Female Liberation

I found it particularly interesting how Machinal depicts the struggle of women for personal fulfillment in a world where alienation, commodification and automation reign supreme due to the growth of capitalism in the 1920s. Although women had achieved many successes during this time period: women no longer needed to be escorted by a male chaperone, women could work outside of the home, and women were recently given the right to vote – under the system of capitalism women found that they were still entrapped by the men in their lives. Young Woman was one such woman, who found herself inveigled by her husband. Before she married her husband she worked for him and she was forced to listen to him. Likewise, when she married him she was forced to listen to him, forced to live with him, forced to have sex with him and forced to raise a child for him.

In search for liberation, Young Woman kills her husband. Although there are some who would call the killing of Young Woman’s husband a cruel act, to Young Woman the death of her husband is a liberating act. She is not only freeing herself from the constraints of marriage, but she is also freeing herself of the constraints of capitalism – since her businessman husband is the symbol of capitalism in this play.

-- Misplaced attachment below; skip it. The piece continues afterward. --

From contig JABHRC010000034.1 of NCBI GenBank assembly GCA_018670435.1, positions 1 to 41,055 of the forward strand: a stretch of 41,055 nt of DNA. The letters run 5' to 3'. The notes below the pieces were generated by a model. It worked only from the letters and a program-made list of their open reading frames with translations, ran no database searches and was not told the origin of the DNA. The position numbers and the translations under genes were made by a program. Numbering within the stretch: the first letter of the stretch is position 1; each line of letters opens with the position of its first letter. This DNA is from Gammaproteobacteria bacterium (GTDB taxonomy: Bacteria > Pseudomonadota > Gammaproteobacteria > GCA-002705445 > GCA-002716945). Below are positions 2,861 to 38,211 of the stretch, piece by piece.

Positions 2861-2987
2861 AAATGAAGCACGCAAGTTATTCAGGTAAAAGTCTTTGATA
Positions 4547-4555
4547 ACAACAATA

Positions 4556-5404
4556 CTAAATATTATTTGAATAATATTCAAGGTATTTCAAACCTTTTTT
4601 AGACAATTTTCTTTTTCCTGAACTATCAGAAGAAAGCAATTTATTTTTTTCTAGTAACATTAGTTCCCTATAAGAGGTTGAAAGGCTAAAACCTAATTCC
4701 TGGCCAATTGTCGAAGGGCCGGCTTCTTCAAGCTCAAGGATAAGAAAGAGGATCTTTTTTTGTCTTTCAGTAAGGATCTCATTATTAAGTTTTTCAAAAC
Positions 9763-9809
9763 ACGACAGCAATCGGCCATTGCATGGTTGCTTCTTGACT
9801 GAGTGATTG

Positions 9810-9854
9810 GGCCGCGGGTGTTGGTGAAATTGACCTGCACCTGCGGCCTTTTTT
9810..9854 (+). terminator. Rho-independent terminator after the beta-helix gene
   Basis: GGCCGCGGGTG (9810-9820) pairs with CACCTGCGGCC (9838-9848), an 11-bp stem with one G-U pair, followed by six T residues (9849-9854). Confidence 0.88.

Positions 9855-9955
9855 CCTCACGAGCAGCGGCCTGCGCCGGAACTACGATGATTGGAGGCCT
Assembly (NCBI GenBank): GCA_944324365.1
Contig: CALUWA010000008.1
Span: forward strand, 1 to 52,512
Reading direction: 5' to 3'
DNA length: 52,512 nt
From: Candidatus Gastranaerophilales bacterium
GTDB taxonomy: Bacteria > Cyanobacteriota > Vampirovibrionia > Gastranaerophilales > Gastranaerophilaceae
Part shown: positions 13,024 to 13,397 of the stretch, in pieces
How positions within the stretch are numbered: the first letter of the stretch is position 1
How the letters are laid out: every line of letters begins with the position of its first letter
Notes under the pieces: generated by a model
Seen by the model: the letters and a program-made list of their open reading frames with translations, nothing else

Consequently, Young Woman’s death at the hands of an electric chair illustrates how conformity is necessary in a capitalist system. Since Young Woman went against the conservative nature of capitalism by killing her husband, she in turn has to be killed  so that her ideas do not infect anyone else who lives under the capitalist system. Hence, capitalism can be compared to stage four cancer. You may want to get rid of it and you might even try to get rid of it, however it continues to spread and spread.

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